Annie Rains has an exciting excerpt of Sunshine on Silver Lake, the fifth book of her 7-book Sweetwater Springs series for Frolic’s readers. It is a second-chance romance between a quirky café owner and a handsome park ranger.
About Sunshine on Silver Lake:
With summer just around the corner, Emma St. James is eagerly planning a 5K run at the Sweetwater Springs National Park. But first, she needs the help of one charming, rugged and handsome park ranger. Her brief high school romance with Jack Hershey may have ended in heartbreak, but Emma can’t deny that he still gives her butterflies. So when Jack responds to her request with an all-too-tempting plea to pretend to be his girlfriend for the summer, how can she say no?
Jack would do anything for his sister — even pretend to give up his bachelor life to care for his nephew. Passing his days with his high school sweetheart guarantees one long, hot summer — but only because every moment together leaves him wanting a real relationship. He can’t imagine spending another season without Emma by his side. Can he convince her to give their love a second chance before the summer draws to a close?
The doorbell rang, and Barnaby took off running. Emma headed to go answer.
“Hi,” Jack said when she opened the door. He was wearing a pale blue polo shirt that made his dark hair appear even darker. She wanted to reach up and run her fingers through it to see if it felt as silky as it looked. Jack’s tan also seemed darker, the way it always did in the summer months, making his blue eyes brighter.
“Hi.” She remembered to breathe, settling the unrest in her body. “I, um, prepared some sandwiches and chips. A picnic of sorts. I have enough for Sam too, even though I doubt he’ll join us.”
“The boy can eat,” Jack said. “If not, I’ll eat his share.” He winked, and she practically melted in a puddle at her doorstep.
“I’ll get the basket of food, and we can go.” She turned, forcing herself to rein in her hormones and emotions.
She turned to face him and then noticed him pull a hand from behind his back and offer her an arrangement of flowers.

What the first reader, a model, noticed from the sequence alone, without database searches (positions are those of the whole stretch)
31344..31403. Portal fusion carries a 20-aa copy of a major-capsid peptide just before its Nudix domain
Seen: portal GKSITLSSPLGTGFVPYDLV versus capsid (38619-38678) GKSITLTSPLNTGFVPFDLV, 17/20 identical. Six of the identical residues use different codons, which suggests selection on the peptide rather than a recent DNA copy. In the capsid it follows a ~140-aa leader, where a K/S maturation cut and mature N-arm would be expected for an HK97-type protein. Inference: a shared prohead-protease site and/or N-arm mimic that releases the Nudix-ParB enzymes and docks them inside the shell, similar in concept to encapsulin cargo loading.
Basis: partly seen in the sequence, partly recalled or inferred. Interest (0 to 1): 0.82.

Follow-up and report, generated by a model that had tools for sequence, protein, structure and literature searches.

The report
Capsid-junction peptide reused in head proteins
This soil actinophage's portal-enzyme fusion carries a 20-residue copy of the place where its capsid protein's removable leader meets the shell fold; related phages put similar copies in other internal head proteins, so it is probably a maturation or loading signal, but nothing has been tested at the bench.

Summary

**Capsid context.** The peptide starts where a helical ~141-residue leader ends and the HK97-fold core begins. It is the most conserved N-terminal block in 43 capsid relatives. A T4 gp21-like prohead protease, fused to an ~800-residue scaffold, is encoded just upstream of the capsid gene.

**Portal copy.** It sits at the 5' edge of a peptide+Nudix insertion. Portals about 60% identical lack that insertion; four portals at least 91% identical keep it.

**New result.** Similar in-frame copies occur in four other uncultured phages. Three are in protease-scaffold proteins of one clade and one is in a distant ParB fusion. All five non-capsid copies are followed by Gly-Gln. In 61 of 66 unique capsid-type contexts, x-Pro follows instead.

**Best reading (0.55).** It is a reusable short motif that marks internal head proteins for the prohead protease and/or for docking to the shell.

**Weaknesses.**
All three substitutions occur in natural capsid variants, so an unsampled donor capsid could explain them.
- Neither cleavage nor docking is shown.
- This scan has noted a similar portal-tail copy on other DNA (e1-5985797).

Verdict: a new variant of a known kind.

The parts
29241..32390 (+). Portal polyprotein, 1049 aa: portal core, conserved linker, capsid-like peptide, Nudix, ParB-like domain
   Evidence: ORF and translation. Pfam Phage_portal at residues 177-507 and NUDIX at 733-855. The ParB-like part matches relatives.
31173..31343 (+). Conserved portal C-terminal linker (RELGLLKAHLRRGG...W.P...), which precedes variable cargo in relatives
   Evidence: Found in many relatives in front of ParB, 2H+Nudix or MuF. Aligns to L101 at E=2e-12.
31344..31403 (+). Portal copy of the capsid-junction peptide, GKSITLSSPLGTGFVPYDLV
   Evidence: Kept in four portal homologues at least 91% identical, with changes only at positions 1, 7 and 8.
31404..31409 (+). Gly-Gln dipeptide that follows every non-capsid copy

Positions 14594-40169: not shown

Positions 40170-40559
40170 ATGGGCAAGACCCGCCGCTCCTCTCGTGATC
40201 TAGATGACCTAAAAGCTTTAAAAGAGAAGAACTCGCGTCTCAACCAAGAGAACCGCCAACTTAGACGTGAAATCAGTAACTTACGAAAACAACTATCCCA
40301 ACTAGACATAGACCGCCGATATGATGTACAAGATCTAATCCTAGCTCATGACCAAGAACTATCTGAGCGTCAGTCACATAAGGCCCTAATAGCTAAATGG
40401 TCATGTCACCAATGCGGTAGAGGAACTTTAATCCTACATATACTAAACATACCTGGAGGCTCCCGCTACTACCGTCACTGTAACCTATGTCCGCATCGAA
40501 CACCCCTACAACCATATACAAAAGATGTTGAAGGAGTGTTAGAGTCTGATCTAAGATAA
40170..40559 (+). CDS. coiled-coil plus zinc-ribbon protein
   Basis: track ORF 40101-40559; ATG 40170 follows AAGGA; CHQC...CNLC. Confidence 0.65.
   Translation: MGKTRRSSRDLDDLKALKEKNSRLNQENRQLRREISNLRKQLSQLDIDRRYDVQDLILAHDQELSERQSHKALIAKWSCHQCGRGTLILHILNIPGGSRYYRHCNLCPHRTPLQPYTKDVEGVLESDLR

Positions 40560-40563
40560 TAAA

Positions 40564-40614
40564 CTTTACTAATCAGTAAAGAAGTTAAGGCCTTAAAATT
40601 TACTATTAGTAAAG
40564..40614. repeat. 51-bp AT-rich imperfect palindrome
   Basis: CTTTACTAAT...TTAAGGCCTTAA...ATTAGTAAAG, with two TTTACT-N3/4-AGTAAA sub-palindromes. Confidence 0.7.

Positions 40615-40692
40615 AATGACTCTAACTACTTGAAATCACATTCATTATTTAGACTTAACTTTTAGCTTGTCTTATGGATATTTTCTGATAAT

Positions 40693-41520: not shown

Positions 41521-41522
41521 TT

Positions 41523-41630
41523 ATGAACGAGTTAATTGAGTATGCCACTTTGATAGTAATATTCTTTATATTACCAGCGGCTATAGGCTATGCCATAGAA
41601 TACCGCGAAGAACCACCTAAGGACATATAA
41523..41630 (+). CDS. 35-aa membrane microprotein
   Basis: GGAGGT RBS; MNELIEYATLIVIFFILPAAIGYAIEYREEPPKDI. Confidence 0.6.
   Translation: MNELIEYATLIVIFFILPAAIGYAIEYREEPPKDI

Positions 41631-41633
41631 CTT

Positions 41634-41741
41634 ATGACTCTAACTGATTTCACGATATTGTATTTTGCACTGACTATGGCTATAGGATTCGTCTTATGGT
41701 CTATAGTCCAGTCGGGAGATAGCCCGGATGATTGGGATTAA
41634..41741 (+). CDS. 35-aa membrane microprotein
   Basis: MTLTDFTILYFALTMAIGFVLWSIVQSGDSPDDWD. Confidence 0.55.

“I almost forgot these,” he said.
“What is that?”
“Wildflowers. I stopped into Halona’s shop, and I guess it was my lucky day. She was arranging some of the older flowers to give away. She said they’d last about a week longer.” Jack shrugged. “Anyway, she told me to use them to brighten someone’s day.”
“So you brought me old flowers, huh?” she teased as she reached for them.
Jack looked mortified. “No, well, I…”
“A pretend girlfriend doesn’t get the new ones?” she continued.
“You’re more than a pretend girlfriend, Emma,” he said. “If I’d have thought you’d be okay with it, I’d have bought you a dozen roses. The red ones, not the yellow.”
Her lips parted. She didn’t quite know what to say as she cleared her throat and looked down at the wildflowers in her hands. “I love flowers from Halona’s shop. Thank you. Although I’m sure your mom would’ve appreciated them too.”
Jack nodded. “Maybe so. But choosing you was selfish on my part.”
She looked up at him. “Oh?”
“I guess seeing you smile brightens my day, so it’s a win-win.”
Emma frowned. “We can’t do this, Jack.”
She lowered the bouquet. “I’m not sure what we’re doing, but we shouldn’t be. Almost kissing. Flirting.” Her heart was suddenly hammering in her chest. It felt like she couldn’t breathe, not until she got everything that was on her mind out in the open. “If we’re going to pretend we’re dating, we need to set some boundaries. This is just for show. When there’s no one else around, we should just be us.”
He was watching her with a serious expression, the kind he got when he was thinking something over. “What exactly does acting like us entail?”
“You know. The way we’ve always been. At arm’s length. No flirting or bringing each other flowers. No kissing as research.” She pulled her gaze from his. No hand-holding or fantasies about running her hands through his hair and over his muscled chest. “That’s the only way this will work. Neither of us wants a relationship.”
“What makes you think I don’t want a relationship?” he asked.
She shifted the arrangement of flowers to her other hand. “Because you never keep anything romantic going for very long. You flirt and go on a couple dates, and then lose interest.”
“Only because it’s never a good fit.”
“Well, neither are we. Not romantically, at least. I’m too busy with my café and now planning this event. And considering your dating history, getting involved with you would never last. It would ruin our friendship, which I happen to value.” They’d stopped being friends for a while after he’d stood her up, and she didn’t want to lose him again.
He nodded. “I value what we have too.”
“Then there’s my dad…,” she said, as if she needed any more justification for why this fake relationship of theirs needed to remain that way.
“He hates me,” Jack agreed. “I’ve received that message loud and clear.”
“I wouldn’t say he hates you. I’d say he strongly dislikes the idea of you and me together.”
Jack looked away. “Well, then it’s settled. We only need to pretend in the presence of others. When we’re alone—”
“Which we should keep to a minimum,” she cut in.
He met her eyes. “Right. When we’re alone, we should just be us.”
About the Author:
Annie Rains is a USA Today bestselling contemporary romance author who writes small town love stories set in fictional places in her home state of North Carolina. Currently, she’s spending a lot of time in Sweetwater Springs. When Annie isn’t writing, she’s living out her own happily ever after with her husband and three children.
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